Disney's Pin Traders, that purgatory of merchandise locations, remains, still lacking air-conditioning and now lacking the throngs of eager pin traders that once swarmed this little shop at the height of the pin trading madness. An interesting new addition, the Marketplace Co-Op, recently took up residence in the old Team Mickey location. This eclectic and ever-changing array of shops offers sports apparel, theme park inspired housewares (think Orange Bird pillows and Adventureland themed dinnerware), "vintage" Disney signage, and unintentionally frightening "big eye" interpretations of the classic Disney characters on everything from handbags to lithographs. The newly remodeled Guest Services is located here, as is the venerable Arribas Brothers.
My sons are big fans of The LEGO Store, although the one located here is nothing special. It's actually a bit smaller than the two similar stores located near our home. There is, however, a shopping and dining location unlike anything we've experienced before—the T-Rex Café. The retail area, Dino-Store is especially appealing for the little dinosaur fans in your life, complete with a Build-a-Dino area with surprisingly reasonably priced plush dinosaurs. The café was a lot of fun as well; excellent theming, fine service, and decent food. All in all, the Disney Village Marketplace felt fresh and appealing during our most recent visit.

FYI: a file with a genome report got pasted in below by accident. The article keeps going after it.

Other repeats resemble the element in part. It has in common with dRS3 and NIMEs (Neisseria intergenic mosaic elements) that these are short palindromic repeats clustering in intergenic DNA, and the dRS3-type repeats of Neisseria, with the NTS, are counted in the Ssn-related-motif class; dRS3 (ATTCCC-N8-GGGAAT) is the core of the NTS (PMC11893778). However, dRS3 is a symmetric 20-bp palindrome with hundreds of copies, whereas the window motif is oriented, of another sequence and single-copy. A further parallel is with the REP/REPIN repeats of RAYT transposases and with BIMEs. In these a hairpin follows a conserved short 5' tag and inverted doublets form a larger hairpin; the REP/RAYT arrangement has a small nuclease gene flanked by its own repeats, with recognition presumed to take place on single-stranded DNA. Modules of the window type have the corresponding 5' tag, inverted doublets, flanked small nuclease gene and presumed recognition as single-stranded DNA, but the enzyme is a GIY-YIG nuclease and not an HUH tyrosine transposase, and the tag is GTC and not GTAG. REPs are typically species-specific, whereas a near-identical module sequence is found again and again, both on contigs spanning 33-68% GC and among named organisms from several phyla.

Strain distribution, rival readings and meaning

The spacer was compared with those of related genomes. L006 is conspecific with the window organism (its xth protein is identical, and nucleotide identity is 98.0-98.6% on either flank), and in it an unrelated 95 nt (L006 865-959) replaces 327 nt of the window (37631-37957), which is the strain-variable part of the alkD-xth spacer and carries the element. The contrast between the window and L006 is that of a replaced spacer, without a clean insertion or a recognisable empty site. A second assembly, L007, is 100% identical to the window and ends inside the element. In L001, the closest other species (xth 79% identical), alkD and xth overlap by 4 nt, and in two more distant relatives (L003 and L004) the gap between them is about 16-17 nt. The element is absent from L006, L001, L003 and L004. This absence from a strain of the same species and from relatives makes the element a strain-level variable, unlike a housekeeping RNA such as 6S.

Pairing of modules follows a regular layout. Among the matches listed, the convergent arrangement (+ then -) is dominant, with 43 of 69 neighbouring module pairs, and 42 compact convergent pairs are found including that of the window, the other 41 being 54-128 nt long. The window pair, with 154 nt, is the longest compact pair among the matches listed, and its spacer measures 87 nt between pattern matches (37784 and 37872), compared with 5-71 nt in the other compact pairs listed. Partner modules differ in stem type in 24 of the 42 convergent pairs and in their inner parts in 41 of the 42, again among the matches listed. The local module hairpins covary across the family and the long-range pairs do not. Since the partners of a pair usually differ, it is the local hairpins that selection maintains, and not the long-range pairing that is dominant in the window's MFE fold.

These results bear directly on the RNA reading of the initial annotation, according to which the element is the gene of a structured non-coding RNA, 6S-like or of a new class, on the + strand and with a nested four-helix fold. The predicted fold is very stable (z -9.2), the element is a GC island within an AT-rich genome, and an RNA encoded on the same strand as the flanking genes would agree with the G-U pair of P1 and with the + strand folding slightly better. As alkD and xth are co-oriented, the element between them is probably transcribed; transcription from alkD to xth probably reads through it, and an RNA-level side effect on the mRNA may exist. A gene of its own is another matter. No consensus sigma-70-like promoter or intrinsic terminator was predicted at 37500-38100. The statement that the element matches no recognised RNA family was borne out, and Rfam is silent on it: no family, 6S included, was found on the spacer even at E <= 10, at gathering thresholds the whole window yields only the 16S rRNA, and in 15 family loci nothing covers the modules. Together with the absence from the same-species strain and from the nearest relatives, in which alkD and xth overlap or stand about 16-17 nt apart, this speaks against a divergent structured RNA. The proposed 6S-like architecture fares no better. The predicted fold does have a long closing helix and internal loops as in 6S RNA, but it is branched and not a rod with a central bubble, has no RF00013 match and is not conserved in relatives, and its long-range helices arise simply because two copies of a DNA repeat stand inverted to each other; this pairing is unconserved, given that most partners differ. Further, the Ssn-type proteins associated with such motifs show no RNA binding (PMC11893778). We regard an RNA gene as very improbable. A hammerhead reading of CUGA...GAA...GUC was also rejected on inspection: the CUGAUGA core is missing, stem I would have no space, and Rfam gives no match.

The improved walkways really make a difference in the "feel" of this area. The addition of several pedestrian bridges linking the different areas helps alleviate foot traffic and provides guests with some lovely views of the Marketplace and the nearby Disney's Saratoga Springs Resort. In typical old-school Disney tradition, the bridges themselves are beautiful structures. Lots of textures, colors, and architectural details bring some much-needed life to this area. The newly rebuilt Waterside Stage is a strong addition and provides a much more comfortable venue for the high school musicians and dancers who perform here almost daily.
A new pedestrian bridge connects the east and west sides of the Marketplace. Photo by Alan S. Dalinka.
The Landing or The Area Formerly Known as Pleasure Island
Most of Pleasure Island has been demolished and is now referred to as The Landing; The Planet Hollywood building remains, for now, untouched. Fulton's Crab House is still open, but now has a lovely green park in front of it. Other restaurants remain, including The Raglan Road Irish Pub and Restaurant and Portobello Country Italian Trattoria.
The surrounding areas now link these nicely themed restaurants to new shops and eateries. Standouts among the shops are Chapel Hats, which offers a great selection of hats at reasonable prices, and The Boathouse merchandise location, which offers unique if pricey) shirts, hats, and nautically-themed home accessories. Speaking of The Boathouse, this is a welcome addition to the eateries and bars of Downtown Disney. We spent several hours here enjoying the view and the adult beverages on a warm summer evening.